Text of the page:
It identifies five dimensions of fair work: respect, effective voice, fulfilment, opportunity and security. Crucially, the Fair Work Framework says that effective voice for workers is much more than simply having a channel for communication. Collective bargaining, obtained through union recognitions helps to ensure that worker’s voices are sought out and influential.
Join us to work with your colleagues for a future where fair work drives success, wellbeing and prosperity for individuals, businesses, organisations and for society.
When workers are employed on individual contracts they are told that they have the opportunity to negotiate for themselves. The truth is that most workers don’t have any power to negotiate, and in fact they have no idea how their pay compares to that of their colleagues or what they need to do to get an improvement in pay. This can lead to pay inequalities in the workplace. Gender pay gap reporting has highlighted these pay inequalities for women but we know that workers who are black, Asian or minority ethnic (BAME), from the LGBT+ community, or workers with disabilities are also likely to find themselves on lower pay.
Union members can get involved in BECTU’s equality committees. Find out more here.
Collective bargaining for pay and terms and conditions is the best way to get a fair deal at work. This can come about when employers recognise unions. Did you know that union recognition is a statutory right? Of course unions prefer to have voluntary agreements with an employer but if necessary we will help workers enforce their rights.
Bullying and Harassment
In some areas of the creative industries, such as those working as freelancers, workers can be hired and fired at very short notice. These workers are very vulnerable to bullying and harassment because they fear that if they speak up they won’t be able to find employment again. BECTU is helping workers in the creative industries Stand up for themselves and Stand up for their colleague to stamp out bullying and harassment and working to ensure that processes are in place for the reporting and investigation. Find out more about our Standing Up campaign here.
With our Dignity at Work campaign BECTU will seek to roll out best practice across the whole of the creative sector. Starting with a call to stamp out sexual harassment in creative industries, the Dignity at Work campaign will also shine a light on what more can and should be done to tackle issues close to our members’ hearts, including diversity and discrimination, respect at work, bullying, long working hours, culture and working environment.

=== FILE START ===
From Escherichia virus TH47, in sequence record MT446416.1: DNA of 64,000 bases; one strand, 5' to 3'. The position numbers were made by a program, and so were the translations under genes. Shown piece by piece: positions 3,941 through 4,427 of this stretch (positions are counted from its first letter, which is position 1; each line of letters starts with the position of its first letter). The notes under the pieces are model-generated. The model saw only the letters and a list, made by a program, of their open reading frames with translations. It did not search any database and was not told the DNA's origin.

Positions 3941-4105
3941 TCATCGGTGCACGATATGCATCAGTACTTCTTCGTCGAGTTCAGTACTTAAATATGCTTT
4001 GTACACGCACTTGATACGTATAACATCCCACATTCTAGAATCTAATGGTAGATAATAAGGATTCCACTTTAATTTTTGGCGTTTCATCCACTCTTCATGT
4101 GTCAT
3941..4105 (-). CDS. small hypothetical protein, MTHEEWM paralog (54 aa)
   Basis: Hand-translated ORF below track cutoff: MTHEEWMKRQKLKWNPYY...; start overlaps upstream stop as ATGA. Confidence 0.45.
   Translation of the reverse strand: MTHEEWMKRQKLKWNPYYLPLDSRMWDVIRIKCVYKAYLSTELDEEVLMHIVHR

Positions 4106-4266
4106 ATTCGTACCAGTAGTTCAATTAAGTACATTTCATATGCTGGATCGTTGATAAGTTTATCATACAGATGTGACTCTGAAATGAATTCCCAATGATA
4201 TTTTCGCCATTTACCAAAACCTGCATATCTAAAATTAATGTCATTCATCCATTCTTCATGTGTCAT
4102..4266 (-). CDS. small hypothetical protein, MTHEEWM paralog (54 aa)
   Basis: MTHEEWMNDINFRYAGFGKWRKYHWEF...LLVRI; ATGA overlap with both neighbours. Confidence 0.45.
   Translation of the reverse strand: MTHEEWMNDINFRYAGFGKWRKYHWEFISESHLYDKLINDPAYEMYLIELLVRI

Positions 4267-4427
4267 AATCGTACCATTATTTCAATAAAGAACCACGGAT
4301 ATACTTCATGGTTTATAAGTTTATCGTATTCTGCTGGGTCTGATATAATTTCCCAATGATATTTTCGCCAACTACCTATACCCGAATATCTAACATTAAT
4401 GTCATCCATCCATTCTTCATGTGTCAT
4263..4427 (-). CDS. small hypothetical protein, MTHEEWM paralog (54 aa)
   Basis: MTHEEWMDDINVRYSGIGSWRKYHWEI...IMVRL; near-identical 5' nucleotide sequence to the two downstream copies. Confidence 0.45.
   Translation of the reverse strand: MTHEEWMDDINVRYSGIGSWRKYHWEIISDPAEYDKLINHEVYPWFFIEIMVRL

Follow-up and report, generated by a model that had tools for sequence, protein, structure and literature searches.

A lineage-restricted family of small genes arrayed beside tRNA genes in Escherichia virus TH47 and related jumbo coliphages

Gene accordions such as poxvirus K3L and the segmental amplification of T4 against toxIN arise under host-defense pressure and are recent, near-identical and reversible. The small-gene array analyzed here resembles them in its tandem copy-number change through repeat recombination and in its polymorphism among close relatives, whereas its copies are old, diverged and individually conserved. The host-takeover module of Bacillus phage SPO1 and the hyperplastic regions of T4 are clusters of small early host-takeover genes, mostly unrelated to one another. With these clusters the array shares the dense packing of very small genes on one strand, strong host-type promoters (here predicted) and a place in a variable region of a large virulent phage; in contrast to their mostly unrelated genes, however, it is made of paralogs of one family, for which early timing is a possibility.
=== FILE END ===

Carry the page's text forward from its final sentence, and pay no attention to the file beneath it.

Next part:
What is BECTU?
BECTU is the UK’s media and entertainment union (and a sector of Prospect from 1 January 2017). We represent people in all sectors in the creative media and arts – including broadcasting, film, independent production, theatre and the arts, IT and telecoms, live events, leisure and digital media. It’s our job to support you in the workplace. Here are a few of the services we can provide:
- Higher pay, better conditions
Where employers recognise unions, BECTU negotiates with employers for higher pay and better terms and conditions. It can often be difficult to negotiate on your own, without putting your reputation at risk. Our experienced negotiators can help get you the best outcomes from your employer on salaries, holiday pay, redundancy terms and more. We can help you organise at work, and build union membership to a level that allows you to seek workplace recognition.
- Protection at work
Join BECTU and we’ll provide you with representation and legal advice when difficulties arise at work. Whether you feel that you’ve been unfairly left out of a promotion or your employer is taking disciplinary action against you, BECTU has trained officials and lawyers on hand to help.
- An end to pay discrimination
We will challenge unfair pay policy where we see it. We won’t let employers get away with discrimination. We can work with your employer to help them find ways to reduce the gender pay gap. Workplaces where BECTU is recognised are 20 per cent more likely to have equal opportunities policies.
- A wide range of extra benefits
From insurance discounts, help with personal injury claims and writing your will union membership can offer a range of extra benefits. Through Prospect plus you also have access to a huge range of exclusive online discounts. Find out more here.
The right to join a union.
UK legislation gives everyone the right to belong to a trade union; we hope you will use that right and join your union. If an employer has more than 21 workers, and if enough workers want it, they have a statutory right to have their union recognised.
Page last updated 18 April 2019.